Stockwell says stay positive

IT MAY not be good for boss Jim Magilton, but would life in the Coca-Cola Championship be that bad for Ipswich Town next season?

Elvin King

IT MAY not be good for boss Jim Magilton, but would life in the Coca-Cola Championship be that bad for Ipswich Town next season?

Of course it wouldn't.

The 2009/10 season is more likely to set the pulses racing in the Championship than the Premier League.

Former Ipswich stalwart Mick Stockwell, who has watched every game this season as summariser for Heart radio station, thinks Town could be better off having another year at their current level.

He said: “One of Town's best home displays was their Carling Cup game against Wigan. And they ended up losing 4-1.

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“This says much about their readiness to take on the big boys.

“Gareth McAuley has proved a good buy, Luciano Civelli could well develop and Owen Garvan and Jon Walters are quality players.

“But if Ipswich did go up they would need to invest in at least three quality players during the summer. And that would not be straightforward.

“Supporters naturally clamour for the Premier League. They would see the world's top players, but would they enjoy losing every week?”

Like every Blues fan this newspaper would be dancing with delight and singing their praises from the rooftops if Town were to find a purple patch and force their way into the play-offs - and into the Promised Land beyond.

But realistically it is unlikely to happen with 16, wins, 15 draws and 15 defeats (or thereabouts) earmarked for this mediocre campaign some while back.

And should we be downhearted at the prospect of missing out on promotion in a season where expectation levels were so high?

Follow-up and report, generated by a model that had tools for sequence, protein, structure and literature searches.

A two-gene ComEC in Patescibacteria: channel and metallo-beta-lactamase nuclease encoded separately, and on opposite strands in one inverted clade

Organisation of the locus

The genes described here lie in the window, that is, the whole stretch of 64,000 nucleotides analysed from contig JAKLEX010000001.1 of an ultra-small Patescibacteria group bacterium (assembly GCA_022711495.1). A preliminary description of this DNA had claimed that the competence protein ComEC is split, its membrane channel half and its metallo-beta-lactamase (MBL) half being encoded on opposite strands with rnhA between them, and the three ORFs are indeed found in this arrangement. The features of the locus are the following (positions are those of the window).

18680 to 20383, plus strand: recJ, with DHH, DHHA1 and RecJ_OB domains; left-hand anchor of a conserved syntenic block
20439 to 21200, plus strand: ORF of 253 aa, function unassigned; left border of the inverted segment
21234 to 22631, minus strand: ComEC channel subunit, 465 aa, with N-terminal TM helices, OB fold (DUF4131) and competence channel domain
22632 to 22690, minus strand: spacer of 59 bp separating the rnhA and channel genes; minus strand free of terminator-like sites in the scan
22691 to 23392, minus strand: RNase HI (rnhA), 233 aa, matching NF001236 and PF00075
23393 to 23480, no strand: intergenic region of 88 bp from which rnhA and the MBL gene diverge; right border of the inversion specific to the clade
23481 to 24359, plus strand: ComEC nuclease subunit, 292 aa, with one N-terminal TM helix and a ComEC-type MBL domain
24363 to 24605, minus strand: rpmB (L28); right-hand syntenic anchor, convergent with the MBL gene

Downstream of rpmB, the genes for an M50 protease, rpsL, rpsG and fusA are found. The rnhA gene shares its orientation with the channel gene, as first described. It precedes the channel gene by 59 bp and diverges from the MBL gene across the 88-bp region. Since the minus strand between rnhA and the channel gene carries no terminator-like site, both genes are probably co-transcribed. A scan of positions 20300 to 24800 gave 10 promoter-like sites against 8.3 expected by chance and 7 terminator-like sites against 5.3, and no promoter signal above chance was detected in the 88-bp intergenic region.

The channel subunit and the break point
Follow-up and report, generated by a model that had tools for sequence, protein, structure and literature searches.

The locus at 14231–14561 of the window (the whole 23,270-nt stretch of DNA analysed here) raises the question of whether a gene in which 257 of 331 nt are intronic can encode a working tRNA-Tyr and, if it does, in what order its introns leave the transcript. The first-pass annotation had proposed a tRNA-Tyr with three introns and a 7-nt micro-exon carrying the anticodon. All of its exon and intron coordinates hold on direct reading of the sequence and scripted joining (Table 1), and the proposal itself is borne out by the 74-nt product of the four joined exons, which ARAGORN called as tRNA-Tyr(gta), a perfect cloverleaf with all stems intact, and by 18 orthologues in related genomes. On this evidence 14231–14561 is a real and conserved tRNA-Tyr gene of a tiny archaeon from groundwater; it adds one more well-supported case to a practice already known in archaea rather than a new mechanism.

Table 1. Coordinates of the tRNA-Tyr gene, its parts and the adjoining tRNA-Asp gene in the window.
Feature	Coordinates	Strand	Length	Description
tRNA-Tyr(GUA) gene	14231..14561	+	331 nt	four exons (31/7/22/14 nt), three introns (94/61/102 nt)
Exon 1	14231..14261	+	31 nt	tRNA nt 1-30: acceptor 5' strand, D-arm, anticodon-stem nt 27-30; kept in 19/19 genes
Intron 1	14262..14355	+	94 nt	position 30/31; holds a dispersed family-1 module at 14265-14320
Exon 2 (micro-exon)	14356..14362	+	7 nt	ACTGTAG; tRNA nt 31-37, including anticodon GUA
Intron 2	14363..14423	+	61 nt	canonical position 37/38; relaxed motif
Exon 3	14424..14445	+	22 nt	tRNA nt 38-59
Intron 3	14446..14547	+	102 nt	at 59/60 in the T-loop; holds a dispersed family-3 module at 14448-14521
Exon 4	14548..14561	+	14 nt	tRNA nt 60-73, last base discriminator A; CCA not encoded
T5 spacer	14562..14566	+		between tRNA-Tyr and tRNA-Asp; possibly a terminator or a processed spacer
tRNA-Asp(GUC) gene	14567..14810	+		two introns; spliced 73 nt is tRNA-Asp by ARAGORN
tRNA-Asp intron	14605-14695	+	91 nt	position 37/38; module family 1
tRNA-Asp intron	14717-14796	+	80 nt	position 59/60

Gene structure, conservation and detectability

Does the thought next season of being in a position to compete more seriously for promotion - regardless of who is manager - appeal more than setting your stall out to achieve no more than avoiding a bottom three place?

Would another year at this level equip Ipswich Town better for advancement, and to be in a more advantageous position to cement a long-term top league spot?

And would the well-being of the club be better served by delaying promotion to secure a better chance of making strides to European competition and global branding than a �50million quick-fix, one-off flirtation with the Premier League?

On the evidence shown at Portman Road this season is Magilton's current side equipped to take on this country's giants even though Arsenal boss Arsene Wenger has gone on record as saying that he thinks the gap between leagues has reduced?

No, another season in the Championship should not reduce Town fans to bouts of depression.

OK, they might do a Hull City or a Stoke City - or even an Ipswich Town circa 2000/2001 - but they look more likely to become a Derby County or West Brom.

And promotion would mean missing out on the blood letting battles with Norwich City, who the vast majority of Town fans will be hoping are kept up by new manager Bryan Gunn.